Advert for gambling website is banned by watchdog

Advert for gambling tips website is banned by watchdog after it offered ‘life-long money back guarantee’ and suggested betting could become a job

  • The Advertising Standards Agency criticised a betting firm over their promotion 
  • VIP Inner Circle suggested gambling was an alternative to having a proper job
  • The gambling firm had promised punters a ‘life-long money back guarantee’ 

A gambling tips website has been ordered to remove an ad suggesting betting could be a job.

The Advertising Standards Authority ordered Paul Coleman – trading as VIP Inner Circle – to ensure his ads were socially responsible.

A probe was launched after a member of VIP Inner Circle challenged the company’s ‘life-long money back guarantee’.

The Advertising Standards Authority investigated the website that offered a private tipster subscription service

The ASA ordered the company to amend its website having promised subscribers a ‘guaranteed income’ 

The ASA said the complainant had been signed up for four months – but made no profit – and wasn’t refunded, even after asking for their money back.

It also ‘challenged whether the ad was socially irresponsible because it suggested that gambling was an alternative to employment and a way to achieve financial security’.

The page – which has since been amended – appeared on

The headline, set against the backdrop of jockeys out racing, said in capital letters: ‘Welcome to VIP Inner Circle.’

It was followed by a link to ‘Join here – enter the world of professional betting…and totally tax-free cash.’

The description continued: ‘Please read my proposal to you because what I am about to tell you is 100 per cent true.

‘I want you to read on with an open mind and only make a decision after you have read the last word.

‘I say this because you must have had so many mailings promising all sorts of get rich quick schemes.

‘You must ask yourself by now – do any of these really work?…I want to help you now because what I have to offer you is 100 per cent genuine and I hope you can clearly see I am not trying to con you in any way. All I want to do is prove that there is a genuine way to make you easy tax-free money’.

The ad also sensationally claimed: ‘You could be only one pay cheque away from financial disaster.’

It added: ‘When your friends and neighbours are struggling in a few weeks’ time, you will be still making money because you will be having a regular income from the VIP Inner Circle Syndicate.’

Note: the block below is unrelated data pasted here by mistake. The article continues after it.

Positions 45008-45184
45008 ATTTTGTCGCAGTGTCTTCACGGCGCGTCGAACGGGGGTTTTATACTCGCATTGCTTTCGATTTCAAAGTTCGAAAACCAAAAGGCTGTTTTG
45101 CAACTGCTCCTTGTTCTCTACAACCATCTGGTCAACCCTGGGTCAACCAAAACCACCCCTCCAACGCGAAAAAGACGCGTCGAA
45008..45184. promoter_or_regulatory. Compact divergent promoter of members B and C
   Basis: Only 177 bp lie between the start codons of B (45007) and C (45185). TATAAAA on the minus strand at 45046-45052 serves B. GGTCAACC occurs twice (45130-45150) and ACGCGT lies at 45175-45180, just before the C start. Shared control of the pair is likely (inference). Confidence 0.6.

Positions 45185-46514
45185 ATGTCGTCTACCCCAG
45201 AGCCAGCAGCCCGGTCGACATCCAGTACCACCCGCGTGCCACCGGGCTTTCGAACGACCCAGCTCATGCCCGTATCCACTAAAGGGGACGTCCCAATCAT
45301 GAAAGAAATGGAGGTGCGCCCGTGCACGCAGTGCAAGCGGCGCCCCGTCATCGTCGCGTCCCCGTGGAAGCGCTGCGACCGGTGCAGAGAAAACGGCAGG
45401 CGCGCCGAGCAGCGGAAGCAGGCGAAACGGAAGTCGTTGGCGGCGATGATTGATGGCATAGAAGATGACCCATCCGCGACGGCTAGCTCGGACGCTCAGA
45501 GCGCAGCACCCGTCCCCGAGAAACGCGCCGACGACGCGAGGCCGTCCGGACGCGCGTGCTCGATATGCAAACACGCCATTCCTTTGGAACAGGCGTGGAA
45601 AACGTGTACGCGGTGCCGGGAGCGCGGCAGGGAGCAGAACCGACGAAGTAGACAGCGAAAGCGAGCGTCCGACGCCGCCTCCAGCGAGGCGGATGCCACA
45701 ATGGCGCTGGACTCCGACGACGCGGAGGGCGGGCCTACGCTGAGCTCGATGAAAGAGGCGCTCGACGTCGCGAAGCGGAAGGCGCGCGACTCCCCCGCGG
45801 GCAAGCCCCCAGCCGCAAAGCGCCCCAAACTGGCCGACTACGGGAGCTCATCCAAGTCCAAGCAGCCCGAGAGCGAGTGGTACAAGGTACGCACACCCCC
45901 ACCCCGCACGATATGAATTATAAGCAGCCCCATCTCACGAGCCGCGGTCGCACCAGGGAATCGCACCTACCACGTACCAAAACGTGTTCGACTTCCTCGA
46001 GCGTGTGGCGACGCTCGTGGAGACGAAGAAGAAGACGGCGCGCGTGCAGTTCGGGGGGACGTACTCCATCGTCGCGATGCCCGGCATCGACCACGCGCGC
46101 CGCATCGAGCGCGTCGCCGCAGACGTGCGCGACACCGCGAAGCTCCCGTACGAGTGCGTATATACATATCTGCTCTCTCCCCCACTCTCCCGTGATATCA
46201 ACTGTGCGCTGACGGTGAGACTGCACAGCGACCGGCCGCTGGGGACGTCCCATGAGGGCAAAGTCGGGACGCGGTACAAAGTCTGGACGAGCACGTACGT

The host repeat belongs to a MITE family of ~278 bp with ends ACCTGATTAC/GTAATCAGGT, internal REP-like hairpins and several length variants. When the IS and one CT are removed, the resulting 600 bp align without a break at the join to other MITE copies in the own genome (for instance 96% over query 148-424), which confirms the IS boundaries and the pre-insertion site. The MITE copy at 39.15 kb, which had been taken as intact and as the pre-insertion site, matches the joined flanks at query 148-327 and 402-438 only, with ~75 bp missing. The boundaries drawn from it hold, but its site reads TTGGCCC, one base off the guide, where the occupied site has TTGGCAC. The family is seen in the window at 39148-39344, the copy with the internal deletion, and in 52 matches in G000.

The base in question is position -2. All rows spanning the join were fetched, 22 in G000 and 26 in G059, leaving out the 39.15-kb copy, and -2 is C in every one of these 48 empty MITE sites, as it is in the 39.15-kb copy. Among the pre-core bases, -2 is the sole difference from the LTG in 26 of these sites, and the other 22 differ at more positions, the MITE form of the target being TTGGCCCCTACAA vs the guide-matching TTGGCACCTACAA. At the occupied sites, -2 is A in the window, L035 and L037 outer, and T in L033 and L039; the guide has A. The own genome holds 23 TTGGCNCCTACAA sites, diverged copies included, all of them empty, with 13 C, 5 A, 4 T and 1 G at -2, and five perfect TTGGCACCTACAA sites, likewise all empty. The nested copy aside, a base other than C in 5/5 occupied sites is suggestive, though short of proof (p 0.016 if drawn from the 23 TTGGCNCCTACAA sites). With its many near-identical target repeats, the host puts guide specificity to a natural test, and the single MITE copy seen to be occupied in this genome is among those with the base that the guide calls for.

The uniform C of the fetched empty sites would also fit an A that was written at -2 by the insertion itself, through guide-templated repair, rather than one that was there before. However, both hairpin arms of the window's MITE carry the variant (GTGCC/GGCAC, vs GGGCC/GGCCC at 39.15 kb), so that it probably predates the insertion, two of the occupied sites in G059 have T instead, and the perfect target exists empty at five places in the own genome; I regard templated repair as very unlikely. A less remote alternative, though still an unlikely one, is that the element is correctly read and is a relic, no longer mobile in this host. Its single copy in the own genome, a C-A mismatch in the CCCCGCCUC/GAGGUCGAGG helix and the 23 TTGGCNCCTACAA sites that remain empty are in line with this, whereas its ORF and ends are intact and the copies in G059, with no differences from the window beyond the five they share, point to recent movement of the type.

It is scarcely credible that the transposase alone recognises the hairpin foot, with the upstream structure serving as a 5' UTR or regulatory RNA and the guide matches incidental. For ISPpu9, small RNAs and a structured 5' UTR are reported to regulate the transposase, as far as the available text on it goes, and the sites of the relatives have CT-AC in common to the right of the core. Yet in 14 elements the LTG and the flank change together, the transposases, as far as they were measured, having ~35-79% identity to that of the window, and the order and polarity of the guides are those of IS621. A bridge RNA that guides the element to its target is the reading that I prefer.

A further claim said: ‘You will see for yourself how using the VIP Inner Circle Service you can make excellent profits now and in the future or…I will give you your money back Guaranteed for Life’.

Paul Coleman reportedly told the ASA in response to the complaint that he had thought that person had already received their refund and ‘that he had always promptly refunded clients who had requested refunds’.

Mr Coleman also reportedly added he ‘had satisfied clients using his service who had been with him for many years and had no complaints’.

He also agreed to comply with any advice and remove the guarantee from his website, however he failed to ‘provide a substantive response to the ASA’s enquiries on the second point of complaint’.

The website was ordered to remove the advert and ‘not make claims that they offered a money-back guarantee if they were unable to do so’.

They have also been ordered to ‘ensure that their ads were prepared in a socially responsible way and did not suggest that gambling could provide an alternative to employment or a way to achieve financial security’.

A spokesperson for GamGare, a charity that helps with the harms of gambling, said: ‘Gambling is not a way to seek financial security, 70 per cent of callers to our helpline cite financial problems when seeking help and 10 per cent of callers cite debts between £20,000 and £99,999.

‘We run the National Gambling Helpline and provide treatment for those suffering from gambling harm in 161 locations all over Great Britain.

‘We know from people that use our services that the volume of advertising they are exposed to can be problematic for their recovery and that the burden is currently on consumers to block access to gambling ads on each platform they visit if they wish not to be served with these. We believe this should change.

‘We also believe that advertising should routinely include more prominent and engaging safer gambling messaging of resources of support such as our National Gambling Helpline so people can easily access the help and support they might need.’

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